It’s a no-brainer that paying more money towards your student loan payment each month will help you pay down the loan faster, but many people don’t realize how much money this can save in interest over the life of your loan. While student loan consolidation is practical in many situations, consolidation alone won’t likely decrease your total loan payoff, at least not significantly. In fact, the opposite is true in most cases. The best way to reduce the overall cost of the loan is to pay on the principal of the loan so that less interest is being calculated. Student loan interest is typically calculated according to a simple daily interest equation. This means that the amount of interest that accumulates on your loan each month depends on your interest rate factor—the interest rate on your loan divided by 365 days—and how many days have passed since your last payment . It’s important to keep in mind that the amount of your payment that goes towards the principal on your loan can vary from lender to lender, so be sure to inquire before you implement this strategy. Also, keep in mind that some lenders have limits as to how many payments can be made each month, so this is another factor that should be discussed directly with your bank.
Tip #4 Consider filing separate tax returns.
If you’re married and one or more of you have substantial student loan debt that is causing strain on your finances, then you may want to consider filing separate tax returns as opposed to filing jointly. Why? Because your income can be an eligibility factor for many repayment plans that could help you extend your loan and qualify you for certain discounts and benefits, including loan forgiveness.
Tip #5: Reapply for repayment programs every year.
Many of the repayment programs we discuss in this guide require borrowers to reapply for the repayment option each year, even if their circumstances haven’t changed. Although most lenders will notify you of your upcoming re-application, it’s a good idea to mark your calendar for this important date. If you miss the deadline to re-apply, your student loan payments may spike significantly, causing you unnecessary financial problems.
Frequently Asked Questions on Consolidating Student Loans
Q: Who is eligible for student loan consolidation?
A: Most all borrowers are eligible for student loan consolidation, but private loans are typically harder to consolidate than federal student loans. This is because private lenders will run a credit check before approving borrowers for consolidated student loans.
Q: What types of student loans can be consolidated?
A: Both federal and private student loans can be consolidated, but in most cases, private loans cannot be consolidated with federal student loans. This is because federal student loans are consolidated through the federal government whereas private student loans are consolidated through private lenders.
Q: Are there restrictions on student loan consolidation?
A: Yes. There are certain restrictions on student loan consolidation. For instance, private student loans and federal student loans usually cannot be consolidated together. In addition, you cannot consolidate a loan taken out in your name with a loan taken out on your behalf by a third party—your parents, for instance.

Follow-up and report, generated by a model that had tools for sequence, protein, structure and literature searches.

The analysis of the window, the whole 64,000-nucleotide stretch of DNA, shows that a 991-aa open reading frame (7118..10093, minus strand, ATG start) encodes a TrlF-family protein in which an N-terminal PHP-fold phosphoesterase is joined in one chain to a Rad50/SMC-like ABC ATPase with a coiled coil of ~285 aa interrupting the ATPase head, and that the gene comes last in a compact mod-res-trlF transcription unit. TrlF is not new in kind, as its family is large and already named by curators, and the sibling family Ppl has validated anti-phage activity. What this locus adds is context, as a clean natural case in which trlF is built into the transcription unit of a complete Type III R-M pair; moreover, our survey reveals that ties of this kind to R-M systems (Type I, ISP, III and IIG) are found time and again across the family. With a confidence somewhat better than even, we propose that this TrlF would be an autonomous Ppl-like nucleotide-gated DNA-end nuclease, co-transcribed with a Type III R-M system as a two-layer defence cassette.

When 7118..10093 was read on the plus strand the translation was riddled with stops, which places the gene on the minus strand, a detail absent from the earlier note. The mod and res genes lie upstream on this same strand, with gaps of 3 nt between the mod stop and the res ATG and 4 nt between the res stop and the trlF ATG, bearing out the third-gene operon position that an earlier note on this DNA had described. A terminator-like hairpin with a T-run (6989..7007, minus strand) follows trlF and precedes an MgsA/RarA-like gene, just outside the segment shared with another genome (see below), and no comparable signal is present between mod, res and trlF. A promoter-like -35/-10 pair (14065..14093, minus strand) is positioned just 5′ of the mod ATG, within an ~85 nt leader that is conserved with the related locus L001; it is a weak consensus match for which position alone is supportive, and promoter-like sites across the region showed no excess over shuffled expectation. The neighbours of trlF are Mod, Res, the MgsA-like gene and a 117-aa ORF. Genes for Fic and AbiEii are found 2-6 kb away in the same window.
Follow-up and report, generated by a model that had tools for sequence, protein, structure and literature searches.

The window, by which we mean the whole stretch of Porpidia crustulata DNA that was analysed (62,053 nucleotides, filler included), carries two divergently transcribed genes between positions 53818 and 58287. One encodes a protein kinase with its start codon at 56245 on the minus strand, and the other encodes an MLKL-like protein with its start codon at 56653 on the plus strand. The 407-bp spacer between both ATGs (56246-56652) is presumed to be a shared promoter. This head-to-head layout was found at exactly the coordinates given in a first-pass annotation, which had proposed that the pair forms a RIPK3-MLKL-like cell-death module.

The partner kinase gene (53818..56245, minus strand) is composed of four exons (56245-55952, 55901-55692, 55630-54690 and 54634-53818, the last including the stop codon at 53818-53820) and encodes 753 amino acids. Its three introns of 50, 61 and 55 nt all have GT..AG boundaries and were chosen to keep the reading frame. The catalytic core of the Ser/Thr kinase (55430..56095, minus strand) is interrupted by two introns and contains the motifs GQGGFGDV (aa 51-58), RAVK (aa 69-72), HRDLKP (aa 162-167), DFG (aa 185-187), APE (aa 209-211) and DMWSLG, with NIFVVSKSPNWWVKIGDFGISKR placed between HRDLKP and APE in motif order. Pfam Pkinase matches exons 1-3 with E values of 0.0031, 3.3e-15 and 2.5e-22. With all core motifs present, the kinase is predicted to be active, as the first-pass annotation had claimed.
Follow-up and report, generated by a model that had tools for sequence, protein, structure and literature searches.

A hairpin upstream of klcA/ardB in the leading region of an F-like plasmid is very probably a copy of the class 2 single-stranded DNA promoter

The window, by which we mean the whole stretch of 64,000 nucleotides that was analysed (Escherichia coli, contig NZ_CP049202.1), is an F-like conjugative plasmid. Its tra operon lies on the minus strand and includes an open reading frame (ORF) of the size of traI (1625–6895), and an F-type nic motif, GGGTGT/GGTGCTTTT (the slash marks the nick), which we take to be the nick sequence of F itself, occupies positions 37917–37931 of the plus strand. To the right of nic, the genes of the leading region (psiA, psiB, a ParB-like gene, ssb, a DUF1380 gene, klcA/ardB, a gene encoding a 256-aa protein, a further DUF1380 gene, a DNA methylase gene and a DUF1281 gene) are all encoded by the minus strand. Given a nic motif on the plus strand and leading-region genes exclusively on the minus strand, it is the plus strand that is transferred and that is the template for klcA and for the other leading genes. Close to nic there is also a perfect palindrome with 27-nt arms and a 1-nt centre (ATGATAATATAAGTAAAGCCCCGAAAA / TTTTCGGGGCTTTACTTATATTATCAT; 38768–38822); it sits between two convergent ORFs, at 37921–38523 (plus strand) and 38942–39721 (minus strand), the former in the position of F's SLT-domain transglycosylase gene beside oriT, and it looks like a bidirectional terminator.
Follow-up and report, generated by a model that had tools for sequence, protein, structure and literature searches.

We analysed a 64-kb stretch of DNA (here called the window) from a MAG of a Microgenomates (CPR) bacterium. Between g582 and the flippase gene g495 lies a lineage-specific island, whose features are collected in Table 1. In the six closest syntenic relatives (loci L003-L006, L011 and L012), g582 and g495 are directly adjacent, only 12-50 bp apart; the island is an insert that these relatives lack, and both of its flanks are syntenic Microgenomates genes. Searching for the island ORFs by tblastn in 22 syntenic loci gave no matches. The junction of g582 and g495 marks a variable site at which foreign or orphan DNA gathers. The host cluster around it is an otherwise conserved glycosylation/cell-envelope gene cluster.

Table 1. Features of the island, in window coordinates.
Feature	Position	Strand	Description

Q: Should I consolidate student loans?
A: There is no one answer to whether or not student loan consolidation is a good idea, since every borrower’s situation is different. There are things you can consider, however, to help you decide whether student loan consolidation is right for you. Some of these considerations include your monthly student loan payments, any current student loan benefits you’re enjoying, repayment plans available through student loan consolidation, the repayment period of a consolidated loan, and the total payout of your consolidated loan.
Q: Can I reverse student loan consolidation?
A: No. Once you consolidate your loans, your original loans are paid off and no longer exist. This is why you should weigh the pros and cons of student loan consolidation carefully before proceeding.
Q: Where can I find out more about student loan consolidation?
For more information on private loan consolidation, you will need to contact individual lenders.
Last Words on Student Loan Consolidation
Student loan consolidation can provide peace of mind. Most of us are familiar with the feeling of having bills pile up, and the anxiety that ensues. Even if you don’t save a significant amount of money by consolidating your loans, having just one student loan payment a month instead of four or five can make things seem less overwhelming. As an added bonus, you’ll be much more likely to make consistent and timely payments on a single loan, and your credit rate will improve over time as a result.
Federal loan consolidation and private loan consolidation are two different animals. Federal loans and private loans are very different, so when considering student loan consolidation, you’ll need to determine what types of loans you have before you can make an informed decision. Interest rates, in particular, will vary widely between federal and private consolidated loans. Repayment terms will also differ depending on whether you have federal or private loans.
Student loan consolidation may not save you money in the long run. When you consolidate student loans, you may feel like you’re saving money because your monthly payment might go down. Most often, this is because the payment period for the loan is extended, however. With interest compiling, this means that you’ll actually be paying thousands of dollars (or even tens of thousands!) more over the life of the loan than with a standard 10-year repayment plan.